Hard Times: Book 1 Chapter 11 - Summary & Analysis

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No Way Out


      Next day; during lunch, Stephen, in a state of mental agony calls upon his employer Mr. Bounderby Mr. Bounderby finds no objection to meeting Stephen because as a workman Stephen has a good position. Stephen seeks Bounderby’s advice in regard to the unwelcome visit of his-wife. He explains how he had married that woman, what had he sacrificed for her, how he had been unsuccessful in reforming her and how he had kept himself away from her. Much of the story is known to Bounderby, and all that Bounderby can state now is that Stephen can hardly do anything. When Stephen seeks Bounderby’s advice on how can he get rid of his wife, Bounderby reminds him of his marriage vow according to that a Christian man accepts a woman for better and for worse. Stephen says that he has heard about a rich folk who get rid of their wives and that there must be some way open to him also, so that he can marry another woman of great source of delight to him. At this Bounderby says that there is way but it is too expensive for him to afford. Thus he has to accept his fate. Stephen then goes away stating that life is a muddle and would be better after death.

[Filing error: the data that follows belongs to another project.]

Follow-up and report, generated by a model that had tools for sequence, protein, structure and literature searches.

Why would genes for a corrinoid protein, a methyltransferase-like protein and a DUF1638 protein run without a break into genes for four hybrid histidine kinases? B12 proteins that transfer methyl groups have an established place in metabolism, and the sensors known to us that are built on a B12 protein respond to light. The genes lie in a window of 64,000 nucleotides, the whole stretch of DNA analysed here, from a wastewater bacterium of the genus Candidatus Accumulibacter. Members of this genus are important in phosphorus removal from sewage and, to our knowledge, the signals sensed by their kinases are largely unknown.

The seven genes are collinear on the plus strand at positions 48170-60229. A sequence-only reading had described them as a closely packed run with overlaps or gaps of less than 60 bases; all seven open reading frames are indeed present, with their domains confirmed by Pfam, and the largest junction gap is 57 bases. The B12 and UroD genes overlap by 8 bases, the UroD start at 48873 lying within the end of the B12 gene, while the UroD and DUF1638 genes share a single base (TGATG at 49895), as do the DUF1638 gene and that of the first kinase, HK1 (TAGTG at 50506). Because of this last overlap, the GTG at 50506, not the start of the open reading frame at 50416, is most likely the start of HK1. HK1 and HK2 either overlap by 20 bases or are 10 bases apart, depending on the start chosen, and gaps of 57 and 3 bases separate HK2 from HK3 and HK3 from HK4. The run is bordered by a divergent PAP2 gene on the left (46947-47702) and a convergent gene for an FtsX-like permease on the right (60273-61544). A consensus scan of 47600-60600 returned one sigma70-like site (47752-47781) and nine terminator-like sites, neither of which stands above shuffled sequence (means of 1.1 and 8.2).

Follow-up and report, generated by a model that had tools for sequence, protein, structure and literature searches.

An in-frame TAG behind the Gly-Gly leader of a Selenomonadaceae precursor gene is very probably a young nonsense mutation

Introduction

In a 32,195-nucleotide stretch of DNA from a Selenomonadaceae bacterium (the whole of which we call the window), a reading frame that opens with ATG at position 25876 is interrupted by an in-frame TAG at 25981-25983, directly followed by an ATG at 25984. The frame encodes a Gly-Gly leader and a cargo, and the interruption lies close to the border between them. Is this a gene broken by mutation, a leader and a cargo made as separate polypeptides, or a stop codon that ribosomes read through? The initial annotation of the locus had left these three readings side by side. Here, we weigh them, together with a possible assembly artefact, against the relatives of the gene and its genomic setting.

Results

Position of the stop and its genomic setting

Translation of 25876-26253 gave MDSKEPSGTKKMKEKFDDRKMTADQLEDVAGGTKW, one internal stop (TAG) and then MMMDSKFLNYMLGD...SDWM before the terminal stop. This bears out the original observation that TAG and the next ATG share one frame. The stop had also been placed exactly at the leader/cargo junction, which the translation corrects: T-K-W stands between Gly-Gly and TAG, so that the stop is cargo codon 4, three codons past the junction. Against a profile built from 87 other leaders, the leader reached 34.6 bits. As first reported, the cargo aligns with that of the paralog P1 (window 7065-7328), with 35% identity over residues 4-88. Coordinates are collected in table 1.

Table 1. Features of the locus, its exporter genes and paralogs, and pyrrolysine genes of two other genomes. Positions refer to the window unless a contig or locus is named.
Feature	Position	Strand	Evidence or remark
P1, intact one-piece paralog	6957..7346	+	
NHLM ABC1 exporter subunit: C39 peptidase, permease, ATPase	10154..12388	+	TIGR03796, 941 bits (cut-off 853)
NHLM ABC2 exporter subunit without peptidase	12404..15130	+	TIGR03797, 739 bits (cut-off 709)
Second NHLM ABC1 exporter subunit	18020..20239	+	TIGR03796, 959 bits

Critical Analysis

      Stephen’s misery is very elaborately described in this chapter. But there is no way to escape from the miseries. We feel sympathy for him. Both Bounderby and Mrs. Sparsit are satirized for their proposal of not leaving the drunkard wife whatever ill she is doing with him. Bounderby tells him to recall the marriage vow and Mrs. Sparsit says that his interest in getting rid of his wife is a typical impiety of workmen.

      Dickens regrets over calling the laborers “hands” as they are not full-fledged human beings. He makes fun of the scientific attitude of mind when he refers to the workers as “so many hundred hands in this mill, so many hundred horse steam power.” Dickens has also ridiculed the attitude of those who regard human beings as machines.

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